Bengal in those days was a very troubled state where anarchy was prevalent, and law and order was almost on the way out. Sam was traveling to Dum Dum airport, Calcutta, once when he found the road blocked for traffic by a huge crowd being harangued by one person. The outrider and the staff officer accompanying him both advised a detour, but this would have meant running away and would have been noticed by the locals. So he got out of his staff car instead, and started walking up to the speaker who, he discovered to his disquiet as he approached, was a 'huge fellow, well over six feet tall.' Anyway, hiding his mounting uneasiness, he put his hand out and announced, 'I am Sam Manekshaw.' This unsettled the other person somewhat as he had probably anticipated an argument. He too, put his hand out and mumbled his name. He was then asked to clear the road, as otherwise 'I shall miss my plane.' The speaker, by now completely confused, hastened to obey, and the last glimpse the army commander had of his latest acquaintance was of that worthy helping to clear the road.

By then Sam Manekshaw had become one of the most popular and well-known officers in the Indian Army. Stories of the many admirable qualities he possessed and did not hesitate to display were legion. Always an unconventional dresser, he once met Lieutenant General Kulwant Singh, at that time commanding Western Army and an awe-inspiring man, in a jacket that could best he described as a cross between a regulation shirt and bush shirt. When the army commander pointed this out he was asked: "Have you come to see my formation or my dress?" While he could stand up to his superiors, he always stood by his subordinates. Service with him, it was rumoured, was certain to bring rewards in its wake. But, helpful as he was, he never consciously helped a subordinate at the cost of someone else. In other words, 'No throat was cut.'

I once asked him if he was aware of the jealousy his so-called favourites aroused among others. He replied he was aware of this but as his 'favourites' were all competent officers he defied anyone to point a finger at them as far as their professional competence was concerned. On another occasion I asked him why he could not 'see through' the slick types who fawned and flattered him, and why he acceded to their requests. 'Oh, I see through them all right,' he replied. 'I detest them, but I make use of them.'

He was human and approachable to a fault. Once, so a story goes, while he was a corps commander, a junior officer on his staff asked for some leave, and the request was turned down by the officer's immediate superior. The officer then tried the indirect approach and made his problem known to the corps commander who called the man's immediate superior the next day and said, 'Look, I have had a letter from this youngster's father asking that the boy be sent on a spot of leave as there is some family problem to sort out. I am sure we can spare the bugger for a few days, let him go, we won't miss him.' The officer got his leave; no feathers were ruffled and everyone was happy, which brings us to his next great quality, the ability to run a very happy and contented team. His professional qualities ensured that the team was also a competent one. He was believed to finish his own work in an hour and spend the remainder of the time walking from one office to another, sitting down with the harried junior staff and helping them sort out the problems they were working on.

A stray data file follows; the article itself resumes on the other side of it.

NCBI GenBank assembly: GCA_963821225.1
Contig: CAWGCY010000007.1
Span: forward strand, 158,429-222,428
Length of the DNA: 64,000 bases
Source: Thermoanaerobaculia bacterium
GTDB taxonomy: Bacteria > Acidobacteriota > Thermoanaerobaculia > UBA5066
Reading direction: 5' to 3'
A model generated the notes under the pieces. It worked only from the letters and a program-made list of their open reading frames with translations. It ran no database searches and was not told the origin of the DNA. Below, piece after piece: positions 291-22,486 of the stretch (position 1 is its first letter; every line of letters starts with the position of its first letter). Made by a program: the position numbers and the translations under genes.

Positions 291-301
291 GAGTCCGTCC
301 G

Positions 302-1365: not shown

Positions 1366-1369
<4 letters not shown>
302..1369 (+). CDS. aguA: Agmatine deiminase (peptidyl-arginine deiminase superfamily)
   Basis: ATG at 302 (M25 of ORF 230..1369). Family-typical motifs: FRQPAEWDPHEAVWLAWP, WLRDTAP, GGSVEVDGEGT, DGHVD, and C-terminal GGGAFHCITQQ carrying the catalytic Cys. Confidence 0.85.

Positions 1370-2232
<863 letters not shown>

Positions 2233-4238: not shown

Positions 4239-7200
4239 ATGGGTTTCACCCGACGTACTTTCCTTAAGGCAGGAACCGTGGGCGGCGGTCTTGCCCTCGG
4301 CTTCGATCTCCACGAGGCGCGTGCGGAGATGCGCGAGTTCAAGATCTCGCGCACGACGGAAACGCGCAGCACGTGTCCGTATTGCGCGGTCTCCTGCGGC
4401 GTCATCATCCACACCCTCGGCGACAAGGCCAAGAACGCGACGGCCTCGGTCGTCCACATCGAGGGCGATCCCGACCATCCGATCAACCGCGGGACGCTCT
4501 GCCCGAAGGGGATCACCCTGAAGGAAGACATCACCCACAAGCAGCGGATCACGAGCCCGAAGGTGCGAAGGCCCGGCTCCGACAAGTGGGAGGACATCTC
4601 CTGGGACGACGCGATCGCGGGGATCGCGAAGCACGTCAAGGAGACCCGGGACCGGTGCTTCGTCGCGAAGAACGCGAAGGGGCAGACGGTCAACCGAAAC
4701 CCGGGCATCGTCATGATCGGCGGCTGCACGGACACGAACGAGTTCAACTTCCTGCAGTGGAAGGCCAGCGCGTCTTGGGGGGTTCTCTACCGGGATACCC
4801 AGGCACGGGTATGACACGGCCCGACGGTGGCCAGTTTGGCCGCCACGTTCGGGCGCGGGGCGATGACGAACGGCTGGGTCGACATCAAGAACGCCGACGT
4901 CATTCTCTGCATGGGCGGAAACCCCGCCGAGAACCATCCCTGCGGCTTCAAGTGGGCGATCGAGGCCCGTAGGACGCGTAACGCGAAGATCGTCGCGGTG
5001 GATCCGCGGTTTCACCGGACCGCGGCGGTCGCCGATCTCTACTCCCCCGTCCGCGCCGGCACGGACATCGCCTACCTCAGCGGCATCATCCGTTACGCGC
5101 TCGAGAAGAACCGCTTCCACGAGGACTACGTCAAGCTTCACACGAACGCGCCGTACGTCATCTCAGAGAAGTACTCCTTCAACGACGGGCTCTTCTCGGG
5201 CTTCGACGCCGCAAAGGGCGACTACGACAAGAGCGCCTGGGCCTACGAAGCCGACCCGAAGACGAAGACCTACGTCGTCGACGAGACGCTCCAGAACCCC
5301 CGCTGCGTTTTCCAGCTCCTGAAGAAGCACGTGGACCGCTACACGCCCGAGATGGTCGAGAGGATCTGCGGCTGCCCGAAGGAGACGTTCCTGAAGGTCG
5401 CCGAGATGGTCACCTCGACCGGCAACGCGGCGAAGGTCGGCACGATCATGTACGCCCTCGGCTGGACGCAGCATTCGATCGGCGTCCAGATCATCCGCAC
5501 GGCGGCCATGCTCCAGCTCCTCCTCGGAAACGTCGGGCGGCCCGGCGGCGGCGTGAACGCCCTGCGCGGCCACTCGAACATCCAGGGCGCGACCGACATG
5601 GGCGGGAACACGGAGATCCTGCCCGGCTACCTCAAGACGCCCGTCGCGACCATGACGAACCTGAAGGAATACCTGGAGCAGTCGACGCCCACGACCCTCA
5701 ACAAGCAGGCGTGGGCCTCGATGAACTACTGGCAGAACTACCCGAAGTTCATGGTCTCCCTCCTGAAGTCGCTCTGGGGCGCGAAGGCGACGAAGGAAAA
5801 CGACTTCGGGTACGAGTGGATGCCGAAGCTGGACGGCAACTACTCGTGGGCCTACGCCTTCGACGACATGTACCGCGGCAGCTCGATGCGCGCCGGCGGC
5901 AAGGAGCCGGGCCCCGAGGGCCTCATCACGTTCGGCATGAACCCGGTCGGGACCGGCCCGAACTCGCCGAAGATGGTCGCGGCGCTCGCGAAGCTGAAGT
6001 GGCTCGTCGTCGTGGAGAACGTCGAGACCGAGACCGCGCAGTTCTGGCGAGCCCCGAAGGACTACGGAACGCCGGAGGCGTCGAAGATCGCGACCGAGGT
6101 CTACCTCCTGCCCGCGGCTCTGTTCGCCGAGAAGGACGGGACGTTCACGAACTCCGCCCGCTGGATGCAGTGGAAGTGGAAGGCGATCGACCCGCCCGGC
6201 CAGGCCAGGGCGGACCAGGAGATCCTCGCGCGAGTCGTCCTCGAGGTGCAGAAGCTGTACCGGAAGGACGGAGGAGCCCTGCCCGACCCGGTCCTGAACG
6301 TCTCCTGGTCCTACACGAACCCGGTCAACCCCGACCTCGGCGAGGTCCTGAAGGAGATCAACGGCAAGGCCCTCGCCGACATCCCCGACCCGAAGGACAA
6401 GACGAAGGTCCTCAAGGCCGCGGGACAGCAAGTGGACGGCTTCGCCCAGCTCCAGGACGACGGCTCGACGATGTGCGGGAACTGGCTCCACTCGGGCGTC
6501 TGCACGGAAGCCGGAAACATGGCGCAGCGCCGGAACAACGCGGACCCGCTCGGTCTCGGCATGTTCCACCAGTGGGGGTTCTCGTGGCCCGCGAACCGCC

They said he never raised his voice, but even a mild reproving look from him with a 'Sweetheart, this won't do,' was enough to shake the stoutest heart. Sharply critical, but always constructively so, there was nothing his eye ever missed or his fantastically retentive memory ever forgot. He forgave easily, being basically a kind man While he was Chief of the Army Staff, at an 'at Home' he attended in Rashtrapati Bhavan, as the guests came out into the Mughal Gardens he found himself walking beside Mr V K Krishna Menon, of whom mention has been made earlier. Polite to a fault, he wished Mr Menon the time of day and also enquired how the latter was progressing health-wise. He then turned to Mrs Manekshaw, who was also walking in line, and asked her: "Darling, you remember, Mr Menon?"

Mrs Manekshaw, not quite as forgiving as her spouse, at least on this occasion, replied brusquely: 'No, I don't.'

Excerpted from Field Marshal Sam Manekshaw, Soldiering with Dignity, by Lieutenant General Depinder Singh, Natraj Publishers, Rs 450, with the publisher's permission

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varuna said...

There seems to be no point in trying to say words in praise of Field Marshal Sam Manekshaw as any number of adjectives would be too few to speak of the Man that he was...The tale of his courage and valour, I wish, would not be lost in oblivion, but, would be retold to every generation so as to inspire them to do their duty irrespective of what is at stake. My salute to the great man- Sam Bahadur!!!

Shivam Dikshit said...
This comment has been removed by the author.
Shivam Dikshit said...

I dont think India will ever produce any soldier-gentlemen like Sir Manekshaw.
With his cool attitude & really thick mustache he was undoubtedly the face of reasserting India after the humilation of 1962.
As the above blogger aptly said "There seems to be no point in trying to say words in praise.." ,so I'll just share what I think is the best of him:

Field Marshal Sam Manekshaw kept himself up to date with the welfare of over 93,000 Paki POWs during their incarceration in India after 1971, as much as he followed up w.r.t. the welfare of Indian POWs there. This is what differentiates Indian military from the rest. A sincere bow.

He embodied the finest tradition of soldiership and military hegemony.
Its pathetic to know that our own defense minister didn't bother to show up at his funeral even when US Democrats like Obama are saluting the Indian legend.

Hats off to him!!
May his soul rest in peace.